podcast recs

Photo by Anna Tarazevich of Scrabble tiles spelling out “Listen to a podcast.”

Hello again!

Working my way back into this space after summer teaching. Had a blast, always do, but I’ve been going through a lot for a long time, as everyone has. Happy to have a little more flexibility around chipping away at the todo list.

One of the sources of reprieve has been listening to podcasts. Here are some quick recommendations of ones I’ve found inspiring:

  • The Personhood Project: This podcast “looks to connect incarcerated writers to a larger poetry community. Writings in the project culminate in this monthly podcast which explores poetry’s ability to provide the tools necessary to process trauma, lead toward personal growth, and help reduce recidivism in the carceral system.” I became familiar with them through the episode with Chicano poet and friend, Vincent Cooper. In it, the poet and host discuss Cooper’s book Zarzamora (which I did a microreview on) as well as recited poetry written by incarcerated writers inspired by Cooper’s poems. The host even shares the writing prompts during the episode.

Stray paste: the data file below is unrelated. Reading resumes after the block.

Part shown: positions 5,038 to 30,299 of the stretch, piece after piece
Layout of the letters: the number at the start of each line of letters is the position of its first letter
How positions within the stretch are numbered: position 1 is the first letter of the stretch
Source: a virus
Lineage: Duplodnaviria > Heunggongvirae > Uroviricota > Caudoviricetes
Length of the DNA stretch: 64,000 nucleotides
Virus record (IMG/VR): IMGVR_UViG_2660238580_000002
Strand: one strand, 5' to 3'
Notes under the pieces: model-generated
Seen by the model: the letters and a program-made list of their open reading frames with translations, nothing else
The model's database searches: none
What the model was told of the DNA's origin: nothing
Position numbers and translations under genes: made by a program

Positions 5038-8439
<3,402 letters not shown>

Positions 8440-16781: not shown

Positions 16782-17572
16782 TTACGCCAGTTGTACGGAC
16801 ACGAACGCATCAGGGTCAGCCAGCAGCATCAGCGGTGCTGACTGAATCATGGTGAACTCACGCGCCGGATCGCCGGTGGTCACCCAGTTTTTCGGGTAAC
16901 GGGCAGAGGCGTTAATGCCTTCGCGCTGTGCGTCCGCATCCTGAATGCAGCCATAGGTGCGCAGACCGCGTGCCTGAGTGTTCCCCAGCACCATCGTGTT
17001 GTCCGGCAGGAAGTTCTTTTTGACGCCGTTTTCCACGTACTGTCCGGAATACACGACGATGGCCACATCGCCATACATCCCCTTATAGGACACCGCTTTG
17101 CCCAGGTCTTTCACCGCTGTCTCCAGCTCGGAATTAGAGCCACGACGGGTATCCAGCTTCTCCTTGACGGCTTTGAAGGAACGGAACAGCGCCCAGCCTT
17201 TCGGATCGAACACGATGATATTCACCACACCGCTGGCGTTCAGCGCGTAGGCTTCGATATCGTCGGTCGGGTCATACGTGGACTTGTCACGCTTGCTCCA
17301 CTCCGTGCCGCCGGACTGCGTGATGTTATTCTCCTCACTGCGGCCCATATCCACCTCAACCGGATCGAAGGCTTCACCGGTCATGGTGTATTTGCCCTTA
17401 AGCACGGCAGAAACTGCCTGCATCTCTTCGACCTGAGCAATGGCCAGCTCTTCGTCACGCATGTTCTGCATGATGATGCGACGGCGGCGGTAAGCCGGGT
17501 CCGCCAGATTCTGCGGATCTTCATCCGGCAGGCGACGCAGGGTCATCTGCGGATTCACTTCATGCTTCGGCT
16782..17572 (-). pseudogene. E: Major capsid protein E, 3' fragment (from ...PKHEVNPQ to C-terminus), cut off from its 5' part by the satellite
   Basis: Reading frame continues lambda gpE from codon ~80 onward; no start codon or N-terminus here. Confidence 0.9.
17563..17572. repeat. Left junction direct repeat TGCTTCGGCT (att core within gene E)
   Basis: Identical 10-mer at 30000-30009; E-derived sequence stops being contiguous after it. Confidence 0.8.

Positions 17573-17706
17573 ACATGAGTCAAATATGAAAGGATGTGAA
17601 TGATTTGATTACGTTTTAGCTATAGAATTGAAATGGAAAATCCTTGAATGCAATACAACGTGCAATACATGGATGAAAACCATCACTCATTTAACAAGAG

• Poets at Work: Poets at Work “explores topics relevant to contemporary poetry, both in the academy and the wider literary community” with an eye on “insight into how the work of poetry extends beyond what we encounter on the published page.” My introduction to this podcast was the episode featuring  Vanessa Angélica Villarreal. Villareal shares her work and her vast insight into what informs her poetics.
  • Upstream: A bit of a detour from the above, this podcast’s tagline is “Radical ideas and inspiring stories for a just transition to a more beautiful and equitable world” and each episode lives up to that ambition. They split their episodes between “documentary” and “conversation.” I’ve listened to more conversations, I believe, each one a crash course into another aspect of radical economics. One of their most recent episodes, “Our Struggles are Your Struggles: Stories of Indigenous Resistance & Regeneration” is a good start with their documentary vibe.

¡Cuídense!

José

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